Rosaceae subfam. Amygdaloideae

Arnott

Botany, 107. 1832

Treatment appears in FNA Volume 9. Treatment on page 345. Mentioned on page 20, 21, 343, 346, 347, 352, 383, 385, 386, 387, 390, 392, 398, 399, 416, 422, 424, 427.
Shrubs or trees, sometimes subshrubs or herbs. Leaves alternate, sometimes opposite, simple, sometimes pinnately compound; stipules present or absent. Flowers: torus absent or minute; carpels 1–5(–8), distinct or +/- connate (Maleae), free or +/- adnate to hypanthium (many Maleae), styles distinct or +/- connate (some Maleae); ovules (1 or)2(–5+), collateral, clustered, or biseriate. Fruits follicles aggregated or not, capsules, drupes aggregated or not, aggregated drupelets, pomes, or aggregated nutlets, rarely achenes or aggregated achenes; styles persistent or deciduous, not elongate (elongate in Gillenieae). x = 8, 9, 15, 17.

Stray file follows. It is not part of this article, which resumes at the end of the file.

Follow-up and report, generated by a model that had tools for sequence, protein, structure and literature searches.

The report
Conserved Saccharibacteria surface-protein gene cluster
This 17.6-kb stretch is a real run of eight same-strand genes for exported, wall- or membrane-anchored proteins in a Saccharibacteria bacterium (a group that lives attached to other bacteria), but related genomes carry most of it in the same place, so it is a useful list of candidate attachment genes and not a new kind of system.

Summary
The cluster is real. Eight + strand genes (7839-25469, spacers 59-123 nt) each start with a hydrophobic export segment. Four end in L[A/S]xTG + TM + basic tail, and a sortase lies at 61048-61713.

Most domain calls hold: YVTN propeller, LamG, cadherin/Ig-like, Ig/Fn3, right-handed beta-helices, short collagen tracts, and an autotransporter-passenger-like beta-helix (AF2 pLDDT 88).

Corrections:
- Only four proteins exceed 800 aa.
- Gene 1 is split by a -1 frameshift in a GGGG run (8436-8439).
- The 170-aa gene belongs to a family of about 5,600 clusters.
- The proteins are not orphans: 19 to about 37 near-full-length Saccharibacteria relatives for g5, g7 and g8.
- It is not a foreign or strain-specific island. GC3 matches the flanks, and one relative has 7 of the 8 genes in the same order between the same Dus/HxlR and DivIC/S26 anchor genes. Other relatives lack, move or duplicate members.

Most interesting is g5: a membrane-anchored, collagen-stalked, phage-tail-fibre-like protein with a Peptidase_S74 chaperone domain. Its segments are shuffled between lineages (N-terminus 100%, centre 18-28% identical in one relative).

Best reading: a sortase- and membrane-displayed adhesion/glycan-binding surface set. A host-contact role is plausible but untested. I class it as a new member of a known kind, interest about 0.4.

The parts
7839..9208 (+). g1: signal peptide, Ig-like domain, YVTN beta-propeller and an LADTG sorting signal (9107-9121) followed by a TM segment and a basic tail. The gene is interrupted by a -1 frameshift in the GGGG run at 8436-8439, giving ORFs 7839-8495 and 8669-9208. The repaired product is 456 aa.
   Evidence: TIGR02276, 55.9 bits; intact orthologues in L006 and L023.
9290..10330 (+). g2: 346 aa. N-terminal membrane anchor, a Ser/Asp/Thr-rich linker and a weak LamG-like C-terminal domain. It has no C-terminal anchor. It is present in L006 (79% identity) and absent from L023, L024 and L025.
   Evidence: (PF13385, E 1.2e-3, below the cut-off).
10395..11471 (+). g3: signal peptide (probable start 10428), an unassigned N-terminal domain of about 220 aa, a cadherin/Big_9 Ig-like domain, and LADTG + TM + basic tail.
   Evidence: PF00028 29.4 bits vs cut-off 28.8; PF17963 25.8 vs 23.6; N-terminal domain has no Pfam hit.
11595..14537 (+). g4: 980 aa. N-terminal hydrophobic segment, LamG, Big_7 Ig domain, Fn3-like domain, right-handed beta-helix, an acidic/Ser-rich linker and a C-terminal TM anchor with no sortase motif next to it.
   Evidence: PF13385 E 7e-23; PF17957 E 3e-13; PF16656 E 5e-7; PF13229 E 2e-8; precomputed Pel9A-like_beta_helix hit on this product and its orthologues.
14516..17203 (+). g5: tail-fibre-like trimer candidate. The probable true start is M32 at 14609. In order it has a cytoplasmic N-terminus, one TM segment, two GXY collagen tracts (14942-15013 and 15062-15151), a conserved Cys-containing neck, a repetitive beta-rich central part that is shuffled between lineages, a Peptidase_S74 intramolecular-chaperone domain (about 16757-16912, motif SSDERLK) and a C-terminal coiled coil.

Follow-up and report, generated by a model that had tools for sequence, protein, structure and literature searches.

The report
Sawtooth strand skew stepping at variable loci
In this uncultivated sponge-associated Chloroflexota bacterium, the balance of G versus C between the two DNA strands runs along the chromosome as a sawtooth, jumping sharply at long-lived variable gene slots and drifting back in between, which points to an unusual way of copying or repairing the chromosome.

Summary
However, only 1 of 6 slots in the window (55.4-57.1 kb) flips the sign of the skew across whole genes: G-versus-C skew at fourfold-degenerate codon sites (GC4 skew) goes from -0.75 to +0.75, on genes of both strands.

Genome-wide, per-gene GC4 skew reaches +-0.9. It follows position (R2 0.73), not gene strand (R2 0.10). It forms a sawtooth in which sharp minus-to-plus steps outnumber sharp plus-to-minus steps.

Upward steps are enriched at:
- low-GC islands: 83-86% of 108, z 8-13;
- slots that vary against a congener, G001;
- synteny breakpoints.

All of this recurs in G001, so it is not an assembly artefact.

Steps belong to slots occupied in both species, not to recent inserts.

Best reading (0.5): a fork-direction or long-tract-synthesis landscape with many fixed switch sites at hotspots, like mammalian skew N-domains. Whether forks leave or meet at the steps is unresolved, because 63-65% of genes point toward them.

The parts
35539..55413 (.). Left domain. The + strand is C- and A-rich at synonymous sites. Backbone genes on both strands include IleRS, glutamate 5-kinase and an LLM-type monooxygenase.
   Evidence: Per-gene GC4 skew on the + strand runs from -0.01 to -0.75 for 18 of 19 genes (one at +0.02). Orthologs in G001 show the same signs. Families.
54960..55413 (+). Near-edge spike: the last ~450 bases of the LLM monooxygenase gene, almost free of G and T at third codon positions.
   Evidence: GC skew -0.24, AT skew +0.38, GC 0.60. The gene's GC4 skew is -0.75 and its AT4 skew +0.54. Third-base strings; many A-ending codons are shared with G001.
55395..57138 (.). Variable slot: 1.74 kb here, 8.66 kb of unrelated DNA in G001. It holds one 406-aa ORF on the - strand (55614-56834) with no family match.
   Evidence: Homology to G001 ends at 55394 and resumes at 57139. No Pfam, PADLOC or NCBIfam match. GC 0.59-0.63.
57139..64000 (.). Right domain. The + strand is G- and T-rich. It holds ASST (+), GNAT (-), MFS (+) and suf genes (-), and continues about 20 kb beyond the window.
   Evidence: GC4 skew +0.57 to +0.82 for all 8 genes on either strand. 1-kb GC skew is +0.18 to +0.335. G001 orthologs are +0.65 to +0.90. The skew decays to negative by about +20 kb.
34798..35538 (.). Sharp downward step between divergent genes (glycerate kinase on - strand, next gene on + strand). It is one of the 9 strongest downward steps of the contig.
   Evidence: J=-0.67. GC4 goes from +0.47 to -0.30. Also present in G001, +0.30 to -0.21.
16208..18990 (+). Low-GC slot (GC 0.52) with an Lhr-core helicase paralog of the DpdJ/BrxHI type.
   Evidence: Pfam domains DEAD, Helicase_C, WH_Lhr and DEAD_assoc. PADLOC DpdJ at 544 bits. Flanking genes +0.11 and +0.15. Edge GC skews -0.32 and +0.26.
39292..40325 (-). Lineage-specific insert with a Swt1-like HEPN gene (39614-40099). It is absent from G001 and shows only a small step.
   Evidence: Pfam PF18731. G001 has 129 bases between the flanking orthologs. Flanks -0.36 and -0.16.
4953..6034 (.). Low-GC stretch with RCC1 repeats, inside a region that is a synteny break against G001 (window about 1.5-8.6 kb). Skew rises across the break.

Distribution

North America, Mexico, Central America, South America, Europe, Asia, Africa, Atlantic Islands (Madeira), Pacific Islands (Hawaii), Australia.

Discussion

Cyanogenic glycosides are usually present in Amygdaloideae; sorbitol is present.

The name Amygdaloideae Arnott (1832) has priority over Spiraeoideae Arnott (1832), used by D. Potter et al. (2007), because Amygdalaceae (1820) is an earlier conserved name.

Tribes 9, genera 55, species ca. 1300 (9 tribes, 38 genera, 361 species, including 20 hybrids, in the flora)

References